Four-year-olds march against Baseline HUNDREDS OF pre-schoolers travelled from across the country to march on Downing Street in protest at Government plans to test four-year-olds just weeks after they start school. Joined by parents, teachers and MPs, including shadow early years minister Tracy Brabin, the children delivered a petition against the Reception Baseline Assessment, which has more than 65,000 signatures, to Number 10. Baseline will be piloted from September and rolled out nationally in 2020, despite opposition from school leaders. Three quarters of school leaders surveyed earlier this year said it is not possible to reliably test four-year-olds, while 79 per cent said the Baseline assessment is an inefficient way to measure a child’s future progress. Research by an expert panel, published in the BERA journal, concluded that testing four-year-olds is “flawed, 4

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Pre-schoolers help take the campaign to Downing Street.

unjustified, and wholly unfit for purpose”. The Department for Education wants to use Baseline results as an accountability measure, but the panel found that pupil mobility, teacher turnover, and the likelihood of a change of head teacher “will muddy the issue of accountability” because pupil data will be missing or schools may be held to account for pupils they have not continuously taught. “Ultimately, the Reception Baseline Assessment will do

PHOTO by Tom Nicholson/PinPep

little to help secure positive outcomes for pupils, teachers or parents either in the short or long term,” it concluded. Head Helen Longton-Howorth said: “The proposals are unfair on teachers, parents and – most importantly – very young children at a critical time in their education. It’s time for the Government to start listening to education experts and call a halt to this fundamentally flawed programme.”


New inspection framework a “woefully missed” opportunity DESPITE ITS promise to move away from a focus on data, Ofsted has not proposed to abandon it as a key factor in its judgements. That is NEU joint general secretary Mary Bousted’s verdict on Ofsted’s new inspection framework, which was published last month. Mary said: “Inspectors will still arrive at secondary school armed with data on Attainment 8, Progress 8, the proportion of pupils entered for EBacc subjects and the percentage achieving level 4 and level 5 grades at GCSE English and maths. “And inspectors will still arrive at primary schools armed with data on KS2 SATs results, the phonics test and, in time, the times table test and Baseline assessment.” She added that under the framework, schools and colleges will not be able to contextualise their data in conversations with inspectors, meaning they will effectively be judged against national attainment scores that bear little or no relationship to their own school or college’s student population. The framework, which will come in from September and includes a new quality of education judgement, was published following a three-month consultation.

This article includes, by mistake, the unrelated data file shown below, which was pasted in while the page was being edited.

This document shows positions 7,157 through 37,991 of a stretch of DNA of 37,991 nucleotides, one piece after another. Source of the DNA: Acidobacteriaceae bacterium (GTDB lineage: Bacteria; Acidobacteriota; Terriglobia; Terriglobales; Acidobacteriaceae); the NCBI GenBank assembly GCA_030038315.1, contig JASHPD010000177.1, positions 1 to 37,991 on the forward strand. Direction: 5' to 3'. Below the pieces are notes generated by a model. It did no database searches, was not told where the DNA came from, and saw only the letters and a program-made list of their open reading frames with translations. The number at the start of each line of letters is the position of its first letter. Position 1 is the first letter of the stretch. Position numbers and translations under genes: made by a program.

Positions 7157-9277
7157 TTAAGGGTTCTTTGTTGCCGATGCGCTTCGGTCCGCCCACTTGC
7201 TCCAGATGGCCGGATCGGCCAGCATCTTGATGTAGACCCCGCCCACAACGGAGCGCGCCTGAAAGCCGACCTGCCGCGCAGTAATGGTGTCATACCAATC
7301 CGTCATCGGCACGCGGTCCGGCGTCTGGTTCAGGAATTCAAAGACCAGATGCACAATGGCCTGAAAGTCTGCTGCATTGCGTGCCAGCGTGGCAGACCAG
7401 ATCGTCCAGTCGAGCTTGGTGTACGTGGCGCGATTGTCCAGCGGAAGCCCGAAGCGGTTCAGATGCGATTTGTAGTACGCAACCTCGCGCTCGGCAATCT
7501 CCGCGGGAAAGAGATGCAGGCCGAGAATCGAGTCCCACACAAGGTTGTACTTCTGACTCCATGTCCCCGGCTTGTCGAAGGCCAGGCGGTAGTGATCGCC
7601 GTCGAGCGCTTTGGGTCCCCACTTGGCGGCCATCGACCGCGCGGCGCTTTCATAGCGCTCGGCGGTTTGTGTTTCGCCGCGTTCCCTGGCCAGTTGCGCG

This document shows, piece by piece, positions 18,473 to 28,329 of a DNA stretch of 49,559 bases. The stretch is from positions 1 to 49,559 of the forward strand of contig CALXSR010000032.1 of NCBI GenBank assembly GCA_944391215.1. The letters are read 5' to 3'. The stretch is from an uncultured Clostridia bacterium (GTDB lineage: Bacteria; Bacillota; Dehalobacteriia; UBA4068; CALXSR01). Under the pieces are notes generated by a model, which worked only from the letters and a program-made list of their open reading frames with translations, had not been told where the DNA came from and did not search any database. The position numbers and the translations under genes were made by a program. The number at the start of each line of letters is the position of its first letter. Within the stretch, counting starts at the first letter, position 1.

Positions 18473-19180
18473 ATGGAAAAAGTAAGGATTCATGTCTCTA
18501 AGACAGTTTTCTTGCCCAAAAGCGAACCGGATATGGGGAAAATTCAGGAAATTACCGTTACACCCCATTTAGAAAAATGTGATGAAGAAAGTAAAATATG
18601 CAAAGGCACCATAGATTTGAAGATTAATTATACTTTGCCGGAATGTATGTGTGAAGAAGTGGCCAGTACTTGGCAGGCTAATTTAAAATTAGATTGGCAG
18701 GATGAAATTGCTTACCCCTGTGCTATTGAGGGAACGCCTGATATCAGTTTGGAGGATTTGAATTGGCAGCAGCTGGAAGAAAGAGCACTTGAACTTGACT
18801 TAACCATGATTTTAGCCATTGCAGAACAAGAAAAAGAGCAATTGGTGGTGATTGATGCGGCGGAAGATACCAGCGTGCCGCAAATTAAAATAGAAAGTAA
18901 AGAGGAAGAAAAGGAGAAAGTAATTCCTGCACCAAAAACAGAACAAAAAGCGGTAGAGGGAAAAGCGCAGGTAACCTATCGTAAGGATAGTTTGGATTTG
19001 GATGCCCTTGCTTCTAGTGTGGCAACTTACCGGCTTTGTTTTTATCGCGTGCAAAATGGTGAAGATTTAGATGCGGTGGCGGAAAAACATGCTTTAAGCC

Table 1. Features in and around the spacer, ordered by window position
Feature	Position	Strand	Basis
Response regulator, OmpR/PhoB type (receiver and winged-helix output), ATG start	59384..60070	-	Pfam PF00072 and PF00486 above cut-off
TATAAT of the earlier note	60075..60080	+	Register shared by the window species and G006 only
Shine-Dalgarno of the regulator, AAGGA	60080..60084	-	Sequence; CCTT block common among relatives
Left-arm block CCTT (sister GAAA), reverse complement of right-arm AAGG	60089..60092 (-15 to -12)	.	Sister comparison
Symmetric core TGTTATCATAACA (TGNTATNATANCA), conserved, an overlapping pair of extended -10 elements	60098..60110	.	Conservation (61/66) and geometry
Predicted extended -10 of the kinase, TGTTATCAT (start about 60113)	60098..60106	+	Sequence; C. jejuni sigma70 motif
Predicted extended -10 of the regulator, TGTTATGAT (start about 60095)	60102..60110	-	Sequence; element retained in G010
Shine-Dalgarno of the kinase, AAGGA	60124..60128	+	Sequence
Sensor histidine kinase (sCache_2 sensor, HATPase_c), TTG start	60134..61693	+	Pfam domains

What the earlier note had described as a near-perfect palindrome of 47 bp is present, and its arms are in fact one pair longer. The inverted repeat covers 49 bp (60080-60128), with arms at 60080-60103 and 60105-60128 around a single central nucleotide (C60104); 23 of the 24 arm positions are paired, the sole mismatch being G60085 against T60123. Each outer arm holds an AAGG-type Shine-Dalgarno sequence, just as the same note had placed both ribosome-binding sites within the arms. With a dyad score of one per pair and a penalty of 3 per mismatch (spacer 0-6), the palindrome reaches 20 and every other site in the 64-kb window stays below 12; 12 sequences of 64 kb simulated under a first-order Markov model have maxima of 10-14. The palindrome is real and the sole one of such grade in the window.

Ofsted received more than 15,000 responses – the highest number to any of its consultations. Two other new judgements will also be introduced – evaluating learners’ behaviour and attitudes, and one on personal development. To reach a judgement on a school or college’s behaviour and attitudes, inspectors will assess whether leaders are creating a “calm and orderly” environment, where bullying is tackled effectively. Overall, inspectors will focus more on curriculum. However, Mary said Ofsted does not have the capacity to quality assure its own judgements and the union does not have confidence in the capacity of inspectors to make such judgements. She described the inspectorate’s decision not to remove its four-grade system of judgements as a “woefully missed” opportunity, arguing it should have been the first step of its framework overhaul. “That would have made space for proper professional conversations about curriculum, and provided helpful information to support school improvement,” she added. “We believe that schools and colleges will still not be evaluated accurately or be provided with worthwhile feedback.”

College funding down by a quarter COLLEGE FUNDING has dropped in real terms by 24 per cent since 2010, according to a report by the Education Policy Institute. National Education Union joint general secretary Kevin Courtney said: “This comprehensive and important report exposes the reality of Government cuts to 16-19 education. The consequences are dire, with the number of teaching hours students receive falling by an average of 65 hours per year over just four years.” The largest cut in teaching hours was in

9,000 8,000 7,000 6,000 5,000 4,000 3,000 2,000 1,000 _ 2010/11





n Programme funding [excl disadvantage] n Student support





n Disadvantage and High Needs n 16-18 Apprenticeships

Total 16-19 funding by stream, 2010/2011 to 2018/19 (2017/18 for apprenticeships), 2018/19 prices (£m)

science and maths, the report found. It also shows that the cuts have fallen hardest on the most deprived students. “The situation is unsustainable and must be

addressed immediately,” said Kevin. See page 16, for an interview with NEU post-16 executive member Jean Evanson.

Number of schools signing up for Baseline plummets THERE HAS been a 23 per cent drop in the number of primary schools prepared to take up the Baseline assessment, Government figures show. Last year, 16,766 schools registered to undertake the assessment. That number has fallen to 9,600. National Education Union joint general secretary Mary Bousted said: “This is a significant setback for the Government’s test-driven approach to primary education. In 2015, more than 80 per cent of schools signed up for the Department for Education’s Baseline assessment pilot. “This time round that figure has fallen to 57 per cent. There is evidently a widespread scepticism in primary schools about the value of Baseline, and a concern for its impact on pupils and on the early years curriculum. Educators do not want new tests in primary schools – they want an end to the current system of primary assessment.”